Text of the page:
Halftime Leisure

A Case for the Classics: Field of Dreams

April 30, 2018

If you’re not crying almost immediately after Field of Dreams starts, then you’re not human. People always call it the best sports movie of all time, but it’s more than that. It’s one of the best narratives about humanity, family, taking chances, and following your heart. It’s simply one of the best movies of all time; it doesn’t need to fit into the category of sports, though the theme of baseball as America’s greatest and purest pastime makes the story what it is.

Field of Dreams stars Kevin Costner as Ray Kinsella, a Berkeley grad turned Iowa corn farmer who one day starts hearing a voice that tells him “If you build it, he will come.” At first, the message confuses and frustrates him, but then he figures it out: if he builds a baseball field in the middle of his corn farm, Shoeless Joe Jackson will come back to play baseball again.

And he does.

Field of Dreams is sort of a redemption film for the 1919 Chicago White Sox, who threw the World Series and consequently had half their team banned from baseball, including Jackson, who Kinsella defends as having nothing to do with the intentional loss of the game.

But the film isn’t just about baseball; it’s also about reconnecting with family. Ray talks of losing touch with his father, who he resents for forcing him to play baseball as a child. Ray hadn’t spoken to his father in years, and only went back home for his funeral. The weight of this all hangs over Ray, who wishes he had mended his relationship with the man who raised him. I’m not going to spoil the film, but what happens, in the end, is the most heartwarming, tear-jerking scene in all of cinematic history.

The movie is filled with magic, mythology, and mysticism. It’s got a mysterious voice that might be inside Ray’s head but is as real as anything he’s ever known. There are also the ghosts of baseball’s past, asking whether the field in the middle of the corn farm is heaven. And it might just be.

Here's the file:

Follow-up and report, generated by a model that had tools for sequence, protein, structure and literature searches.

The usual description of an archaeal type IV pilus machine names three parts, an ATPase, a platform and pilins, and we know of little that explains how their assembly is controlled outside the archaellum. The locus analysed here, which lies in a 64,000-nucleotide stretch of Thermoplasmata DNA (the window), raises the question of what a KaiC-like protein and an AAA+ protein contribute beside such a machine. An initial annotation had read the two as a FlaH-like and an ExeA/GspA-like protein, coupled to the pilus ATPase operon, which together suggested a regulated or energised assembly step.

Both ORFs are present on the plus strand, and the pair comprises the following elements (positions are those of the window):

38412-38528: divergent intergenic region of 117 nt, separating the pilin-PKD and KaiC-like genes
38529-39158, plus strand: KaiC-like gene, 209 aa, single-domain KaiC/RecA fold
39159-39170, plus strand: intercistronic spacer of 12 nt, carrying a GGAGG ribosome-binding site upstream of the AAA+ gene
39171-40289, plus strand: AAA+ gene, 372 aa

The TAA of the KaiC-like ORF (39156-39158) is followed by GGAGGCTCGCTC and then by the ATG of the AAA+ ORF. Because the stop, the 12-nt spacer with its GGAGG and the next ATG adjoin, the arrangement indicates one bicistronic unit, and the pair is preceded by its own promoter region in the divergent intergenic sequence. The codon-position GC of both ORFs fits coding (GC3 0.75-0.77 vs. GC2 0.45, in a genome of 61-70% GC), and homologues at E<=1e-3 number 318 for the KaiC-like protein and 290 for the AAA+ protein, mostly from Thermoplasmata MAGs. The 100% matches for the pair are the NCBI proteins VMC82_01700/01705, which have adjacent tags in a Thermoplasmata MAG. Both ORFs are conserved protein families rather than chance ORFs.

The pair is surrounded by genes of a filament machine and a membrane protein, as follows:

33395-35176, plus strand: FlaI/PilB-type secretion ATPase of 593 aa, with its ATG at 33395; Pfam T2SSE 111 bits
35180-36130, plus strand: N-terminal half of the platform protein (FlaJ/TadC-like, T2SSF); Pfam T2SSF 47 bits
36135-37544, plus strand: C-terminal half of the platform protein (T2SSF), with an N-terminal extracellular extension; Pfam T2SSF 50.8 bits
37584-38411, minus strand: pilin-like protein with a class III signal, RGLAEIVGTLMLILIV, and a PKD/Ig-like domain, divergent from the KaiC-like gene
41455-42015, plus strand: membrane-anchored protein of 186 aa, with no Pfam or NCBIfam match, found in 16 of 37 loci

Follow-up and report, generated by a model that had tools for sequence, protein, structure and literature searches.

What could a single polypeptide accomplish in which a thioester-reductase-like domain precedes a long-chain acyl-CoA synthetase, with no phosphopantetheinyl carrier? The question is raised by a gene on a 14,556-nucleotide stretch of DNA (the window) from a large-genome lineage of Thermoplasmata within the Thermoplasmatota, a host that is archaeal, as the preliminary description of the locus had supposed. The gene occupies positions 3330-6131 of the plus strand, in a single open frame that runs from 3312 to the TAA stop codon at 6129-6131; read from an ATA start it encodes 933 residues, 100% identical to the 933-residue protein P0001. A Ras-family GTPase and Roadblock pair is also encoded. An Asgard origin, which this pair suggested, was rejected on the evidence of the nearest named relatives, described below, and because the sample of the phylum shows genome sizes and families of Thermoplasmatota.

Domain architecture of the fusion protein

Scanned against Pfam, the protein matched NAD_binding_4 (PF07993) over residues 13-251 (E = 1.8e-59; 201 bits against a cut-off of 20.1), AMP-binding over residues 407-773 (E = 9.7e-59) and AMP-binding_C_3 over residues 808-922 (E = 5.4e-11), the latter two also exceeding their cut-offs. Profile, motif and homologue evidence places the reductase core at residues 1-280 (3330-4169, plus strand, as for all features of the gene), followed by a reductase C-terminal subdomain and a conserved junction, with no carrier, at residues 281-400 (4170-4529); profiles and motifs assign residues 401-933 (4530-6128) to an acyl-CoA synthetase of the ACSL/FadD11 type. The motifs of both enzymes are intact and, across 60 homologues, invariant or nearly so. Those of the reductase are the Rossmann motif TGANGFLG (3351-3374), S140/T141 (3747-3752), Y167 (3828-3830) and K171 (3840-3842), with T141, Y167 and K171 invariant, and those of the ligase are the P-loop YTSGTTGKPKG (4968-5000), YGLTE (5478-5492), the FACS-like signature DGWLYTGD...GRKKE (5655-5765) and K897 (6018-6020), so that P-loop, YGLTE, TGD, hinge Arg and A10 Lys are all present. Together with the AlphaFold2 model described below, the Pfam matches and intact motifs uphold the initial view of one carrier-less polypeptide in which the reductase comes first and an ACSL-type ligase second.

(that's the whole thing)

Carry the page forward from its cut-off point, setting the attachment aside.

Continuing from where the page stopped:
At one point, while trying to find old baseball player Archie “Moonlight” Graham, Ray travels through time without even realizing it, to happen upon the man who died 16 years prior. Graham only got to play one inning in the Majors before being sent down to the Minors and later becoming a successful doctor. The character is played by Burt Lancaster, who adds his own air of magic to the man who came so close to his dream of being a professional baseball player, but never quite reached it.

A final tear-jerking moment comes when Graham finally gets his first and only hit against a major league pitcher, but ends up walking off the “field of dreams” and turning back into his older self. Skirting the line of reality and fiction, of past and future, of life and death, Field of Dreams is one of the most thought-provoking and original American films of the 20th century.

I must reiterate, if you haven’t seen it, go watch it now. It’ll make you laugh, cry, and call your dad to tell him how much you love him. It’s simply a very good movie at first glance, but upon review, is incredibly complex; complete with a multiplicity of powerful narratives. Field of Dreams is an American classic for a reason: nothing brings people together quite like ghosts and baseball.

Claire Goldberg
is the Voice's former editoral board chair and halftime leisure editor. She "says a lot of funny things," according to Emma Francois.


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